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Changes to the Highway Code will prioritise cycling and pedestrian safety


By David Porter

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The Highway Code is set to undergo a major revision at the end of January which will see motorists giving way to cyclists and pedestrians at junctions.

It will create a new hierarchy of road users, which implies that drivers of vehicles that can cause the greater harm in the event of a collision bear the greatest responsibility to take care and reduce the danger to others.

This principle applies most obviously to drivers of HGVs, cars and motorcycles, but cyclists will also have a responsibility to reduce danger to pedestrians.

A further change requires drivers and cyclists to give way if a pedestrian is waiting to cross a road they are turning into.

Under the old code, pedestrians only had right of way at a junction if they were already on the road.

Cyclists will also now have priority when cars are turning at a junction.

This rule means that cars indicating to turn left or right will have to give way to cyclists coming from behind and going straight on.

The car may only turn once the cyclist has passed.

A statutory instrument has been laid before Parliament that means the updated Highway Code will come into effect on January 29 but there’s no official plan as yet to communicate the changes until they actually come into force.

Highway code changes
Highway code changes

The main changes -

Rule H1: New Hierarchy of Road Users. Drivers of vehicles that can cause the greatest harm in the event of a collision bear the greatest responsibility to take care and reduce the danger to others. This principle applies most strongly to drivers of HGVs, LGVs, cars/taxis and motorcycles. Cyclists and horse riders likewise have a responsibility to reduce danger to pedestrians.

Rule H2: New priority for pedestrians at junctions At a junction, drivers, motorcyclists, horse riders and cyclists should give way to pedestrians crossing or waiting to cross a road into which or from which you are turning. You should give way to pedestrians waiting to cross a zebra crossing (currently you only have to give way if they’re already on the crossing), and to pedestrians and cyclists waiting to cross a parallel crossing.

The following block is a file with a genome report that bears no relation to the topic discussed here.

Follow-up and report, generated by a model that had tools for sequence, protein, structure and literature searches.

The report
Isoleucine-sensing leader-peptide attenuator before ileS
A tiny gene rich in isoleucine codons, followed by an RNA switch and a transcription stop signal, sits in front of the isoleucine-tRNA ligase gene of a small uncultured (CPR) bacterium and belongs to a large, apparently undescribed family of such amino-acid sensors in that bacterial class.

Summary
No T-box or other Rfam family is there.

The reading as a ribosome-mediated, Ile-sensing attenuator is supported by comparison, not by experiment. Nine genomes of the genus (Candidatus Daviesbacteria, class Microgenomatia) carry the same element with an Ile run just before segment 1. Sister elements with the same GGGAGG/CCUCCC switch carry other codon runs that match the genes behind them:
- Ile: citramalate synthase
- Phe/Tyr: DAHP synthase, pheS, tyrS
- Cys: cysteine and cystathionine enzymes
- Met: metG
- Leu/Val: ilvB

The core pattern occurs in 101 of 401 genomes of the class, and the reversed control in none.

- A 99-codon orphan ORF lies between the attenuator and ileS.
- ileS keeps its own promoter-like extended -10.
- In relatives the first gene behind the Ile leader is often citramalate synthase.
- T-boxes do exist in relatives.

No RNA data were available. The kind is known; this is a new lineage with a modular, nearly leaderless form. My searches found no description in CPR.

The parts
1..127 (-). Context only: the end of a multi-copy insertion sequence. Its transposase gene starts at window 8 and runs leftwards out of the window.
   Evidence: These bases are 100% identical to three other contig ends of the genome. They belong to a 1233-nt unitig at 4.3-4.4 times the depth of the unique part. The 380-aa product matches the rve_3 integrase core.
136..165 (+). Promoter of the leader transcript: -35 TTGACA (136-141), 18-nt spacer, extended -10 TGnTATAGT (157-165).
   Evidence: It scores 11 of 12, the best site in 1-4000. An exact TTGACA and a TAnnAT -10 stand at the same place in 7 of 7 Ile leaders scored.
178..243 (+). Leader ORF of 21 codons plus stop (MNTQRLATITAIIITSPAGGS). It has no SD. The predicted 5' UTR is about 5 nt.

Rule H3: New priority for cyclists when cars are turning You should not cut across cyclists, horse riders or horse drawn vehicles going ahead when you are turning into or out of a junction or changing direction or lane. This applies whether they are using a cycle lane, a cycle track, or riding ahead on the road and you should give way to them. Do not turn at a junction if to do so would cause the cyclist, horse rider or horse drawn vehicle going straight ahead to stop or swerve. You should stop and wait for a safe gap in the flow of cyclists if necessary.

According to the RAC, the Highway Code itself is not a legal document and the rules outlined in it are not official road laws.

But that doesn’t mean you can’t be fined if you break one of the more than 300 regulations set out in the government-issued book.

A number of the points outlined in the code are backed up by official traffic laws, meaning you can be fined, prosecuted or disqualified if you ignore them.


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